Is the Upcoming Pattern Favorable for Charlotte/Carolina Snow?

Is the Upcoming Pattern Favorable for Charlotte/Carolina Snow?

As the past few winters have been lackluster as far as snow and cold, many are beginning to think we are in for more of the same this winter. Especially now that many were talking about the Polar Vortex and that we were headed into the deep freezer later this month. While temperatures will be below normal, we are not expecting any kind of bitter cold, as least not through the end of January.

Is the pattern going to turn cold? Well, the Climate Prediction Center seems to think so, as their 8-14 Day Outlook (shown below) has below normal temperatures for our area. Again, this is not bitter cold, but it does erase a Southeast Ridge, which would be detrimental for snow lovers. Below normal temperatures, but not bitter cold, are what you want to see for a favorable southern snowstorm track. Image was taken from our Winter Weather Page, so check it out >>>


So when is the window of opportunity? We won’t have an ideal setup, but if there was one, it would be at the end of this month or early February. With blocking in place over Greenland and the ensembles (shown below) indicating low pressure off the Carolina coast, it would be our next window for snow but NOT necessarily cold. A pattern can be favorable for storminess and snow, but not favorable for sustained cold, and we have seen years where there was a very active southern storm track but with near normal temperatures, or even slightly above. The below model image is valid around the 28/29th.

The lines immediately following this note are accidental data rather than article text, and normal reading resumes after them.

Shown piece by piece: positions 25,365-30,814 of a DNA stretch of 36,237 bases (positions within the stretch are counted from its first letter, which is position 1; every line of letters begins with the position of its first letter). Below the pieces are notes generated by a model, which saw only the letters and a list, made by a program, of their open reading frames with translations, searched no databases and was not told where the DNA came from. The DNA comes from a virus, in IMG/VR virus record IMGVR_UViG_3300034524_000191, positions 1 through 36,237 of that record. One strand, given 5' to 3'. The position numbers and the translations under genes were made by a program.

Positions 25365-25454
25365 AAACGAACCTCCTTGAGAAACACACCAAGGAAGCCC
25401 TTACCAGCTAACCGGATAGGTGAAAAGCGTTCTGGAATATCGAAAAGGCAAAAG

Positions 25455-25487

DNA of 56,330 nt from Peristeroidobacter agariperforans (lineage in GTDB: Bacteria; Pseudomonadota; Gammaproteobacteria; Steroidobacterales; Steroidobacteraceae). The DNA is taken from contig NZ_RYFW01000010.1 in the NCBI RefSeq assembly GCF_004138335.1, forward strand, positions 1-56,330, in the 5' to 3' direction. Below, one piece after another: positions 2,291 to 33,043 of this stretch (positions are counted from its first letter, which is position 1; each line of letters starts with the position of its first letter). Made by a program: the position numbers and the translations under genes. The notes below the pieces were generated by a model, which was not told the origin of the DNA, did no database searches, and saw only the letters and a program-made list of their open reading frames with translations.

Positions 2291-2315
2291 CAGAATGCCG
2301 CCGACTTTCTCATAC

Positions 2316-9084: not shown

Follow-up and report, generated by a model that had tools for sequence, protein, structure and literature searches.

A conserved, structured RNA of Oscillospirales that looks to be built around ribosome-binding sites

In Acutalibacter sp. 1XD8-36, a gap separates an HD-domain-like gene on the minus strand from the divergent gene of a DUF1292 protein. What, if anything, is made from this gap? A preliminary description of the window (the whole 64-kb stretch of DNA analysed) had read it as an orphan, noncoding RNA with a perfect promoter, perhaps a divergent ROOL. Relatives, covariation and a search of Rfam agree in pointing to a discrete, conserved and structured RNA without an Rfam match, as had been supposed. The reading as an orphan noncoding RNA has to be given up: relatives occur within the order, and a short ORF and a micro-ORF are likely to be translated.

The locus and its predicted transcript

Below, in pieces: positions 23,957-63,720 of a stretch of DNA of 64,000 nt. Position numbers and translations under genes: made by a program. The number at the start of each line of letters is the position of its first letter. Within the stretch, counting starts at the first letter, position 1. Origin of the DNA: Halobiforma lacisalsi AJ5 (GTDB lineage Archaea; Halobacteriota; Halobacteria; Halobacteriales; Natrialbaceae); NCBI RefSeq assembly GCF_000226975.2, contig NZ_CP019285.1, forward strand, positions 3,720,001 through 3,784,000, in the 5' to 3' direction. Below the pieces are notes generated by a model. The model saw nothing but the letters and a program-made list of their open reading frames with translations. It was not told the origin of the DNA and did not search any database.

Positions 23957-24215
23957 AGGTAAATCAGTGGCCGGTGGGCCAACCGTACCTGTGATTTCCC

The next question is if there will be ENOUGH cold air in place, remember it doesn’t have to be bitter cold. But what we don’t want to see is a Southeast Ridge of high pressure. Let’s examine the ensembles again for temperature trends. Below, the Euro ensembles are indicating below normal temperatures around the 29th, which is exactly what we need. Now, we just need a storm to slide across the Southeast around the 28th/29th, and it’s game on.

Unexpected storms can appear out of nowhere with the current and upcoming pattern, so we need to keep in mind what the overall pattern is. If the overall pattern is favorable, then all we need is a disturbance to move across the Southern US. There is no guarantee, but we will be watching the next week and a half or so for any storm signals here in the Southeast.

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Author: Michael Griffith

I have had a passion for the weather since a very young age and am a degreed meteorologist. I have a Bachelor of Science from Penn State University and a Master's from Plymouth State University. If you ever see me out and about in the Charlotte, NC area, be sure to say hi!